Another precaution you can take is to book hotels and attractions that include free cancellation. This provides the extra protection that if your plans need to change then you will be able to get your money back a lot easier. For hotels we recommend booking.com which offer free cancellation on a huge number of properties. For activities, we recommend Viator or GetYourGuide who allow free cancellation on many activities up to 24 hours in advance.
For flights it may be a bit and miss as to whether you can book but change the flight for free down the line. For example easyJet was allowing the option of changing flights without them charging an additional fee. These scenarios are likely to change as the situation improves so be sure to read the booking conditions.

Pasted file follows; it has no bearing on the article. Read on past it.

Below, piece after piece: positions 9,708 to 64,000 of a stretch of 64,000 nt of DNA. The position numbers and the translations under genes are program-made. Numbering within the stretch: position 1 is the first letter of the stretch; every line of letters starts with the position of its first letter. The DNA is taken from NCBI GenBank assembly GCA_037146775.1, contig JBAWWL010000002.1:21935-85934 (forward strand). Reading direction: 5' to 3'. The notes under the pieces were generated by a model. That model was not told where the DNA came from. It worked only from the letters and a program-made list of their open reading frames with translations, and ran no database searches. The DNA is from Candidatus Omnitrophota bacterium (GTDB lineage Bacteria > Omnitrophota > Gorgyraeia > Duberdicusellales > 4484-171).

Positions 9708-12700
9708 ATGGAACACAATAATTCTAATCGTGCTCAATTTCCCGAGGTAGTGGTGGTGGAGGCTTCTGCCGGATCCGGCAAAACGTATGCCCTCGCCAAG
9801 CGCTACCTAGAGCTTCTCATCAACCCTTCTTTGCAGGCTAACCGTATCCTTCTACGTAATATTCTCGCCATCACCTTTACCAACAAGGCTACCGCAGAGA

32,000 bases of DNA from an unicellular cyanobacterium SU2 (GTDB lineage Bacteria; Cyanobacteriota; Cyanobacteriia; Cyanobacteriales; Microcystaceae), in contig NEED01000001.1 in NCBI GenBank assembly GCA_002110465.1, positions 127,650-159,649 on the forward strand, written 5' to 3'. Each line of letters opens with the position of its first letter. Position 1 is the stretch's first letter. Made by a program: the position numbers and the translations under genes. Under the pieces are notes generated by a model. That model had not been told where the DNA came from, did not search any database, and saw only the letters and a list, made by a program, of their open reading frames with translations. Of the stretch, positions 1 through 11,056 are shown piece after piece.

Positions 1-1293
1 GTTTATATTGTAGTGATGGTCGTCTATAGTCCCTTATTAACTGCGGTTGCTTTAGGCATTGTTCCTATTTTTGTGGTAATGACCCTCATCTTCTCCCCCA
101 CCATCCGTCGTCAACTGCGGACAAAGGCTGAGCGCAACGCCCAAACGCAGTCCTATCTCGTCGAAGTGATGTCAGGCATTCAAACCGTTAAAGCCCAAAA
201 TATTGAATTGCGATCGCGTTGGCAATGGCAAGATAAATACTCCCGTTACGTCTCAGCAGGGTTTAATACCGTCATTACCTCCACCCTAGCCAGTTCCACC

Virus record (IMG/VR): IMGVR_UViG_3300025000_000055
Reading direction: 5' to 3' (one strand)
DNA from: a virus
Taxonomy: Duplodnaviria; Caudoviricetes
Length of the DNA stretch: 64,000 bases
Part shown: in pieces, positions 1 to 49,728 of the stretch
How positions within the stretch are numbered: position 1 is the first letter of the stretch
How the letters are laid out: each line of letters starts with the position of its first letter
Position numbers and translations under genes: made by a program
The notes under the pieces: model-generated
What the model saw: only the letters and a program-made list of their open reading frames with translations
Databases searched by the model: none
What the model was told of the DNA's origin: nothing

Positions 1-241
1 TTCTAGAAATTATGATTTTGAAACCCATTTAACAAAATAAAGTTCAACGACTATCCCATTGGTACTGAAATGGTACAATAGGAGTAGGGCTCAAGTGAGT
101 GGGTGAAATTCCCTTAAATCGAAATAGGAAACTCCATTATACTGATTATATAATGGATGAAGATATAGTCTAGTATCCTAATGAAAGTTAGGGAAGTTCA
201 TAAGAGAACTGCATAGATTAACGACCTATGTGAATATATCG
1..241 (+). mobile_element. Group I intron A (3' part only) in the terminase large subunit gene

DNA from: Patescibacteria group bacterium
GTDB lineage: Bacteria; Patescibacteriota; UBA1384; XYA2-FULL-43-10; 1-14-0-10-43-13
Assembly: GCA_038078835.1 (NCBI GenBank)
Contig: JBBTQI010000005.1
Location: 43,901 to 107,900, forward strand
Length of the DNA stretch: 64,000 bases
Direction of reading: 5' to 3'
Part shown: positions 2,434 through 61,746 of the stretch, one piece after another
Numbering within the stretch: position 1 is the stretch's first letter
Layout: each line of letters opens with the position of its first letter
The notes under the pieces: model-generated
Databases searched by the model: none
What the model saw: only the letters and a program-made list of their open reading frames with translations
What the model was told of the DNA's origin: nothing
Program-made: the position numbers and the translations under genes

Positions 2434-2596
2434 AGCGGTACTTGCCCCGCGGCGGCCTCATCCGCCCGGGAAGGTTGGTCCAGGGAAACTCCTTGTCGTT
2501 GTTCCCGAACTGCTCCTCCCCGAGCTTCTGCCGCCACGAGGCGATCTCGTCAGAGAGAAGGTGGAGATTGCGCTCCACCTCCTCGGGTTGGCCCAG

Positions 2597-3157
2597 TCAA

Stay in self-catered accommodation
Travelling after the Coronavirus pandemic will make being around other people less desirable, such as in restaurants and bars. So if you would rather have more space and cook for yourself then consider a self-catered apartment. These are available through VRBO, Airbnb, booking.com and sometimes direct through property owners.
Self-catered accommodation is even available for trips such as ski holidays which work well for small groups. You could also combine this with the option of self-driving so as to avoid the airports and have minimal contact with others.
Visit and stay in more rural places
Another option for travel after the Coronavirus might be to book accommodation in a more rural destination. This could be within your own country or even abroad. Such as staying in a cottage somewhere in Italy, Switzerland or Norway. These properties are available on sites such as www.nature.house who also plant a tree for every nights stay.
Go on small group tours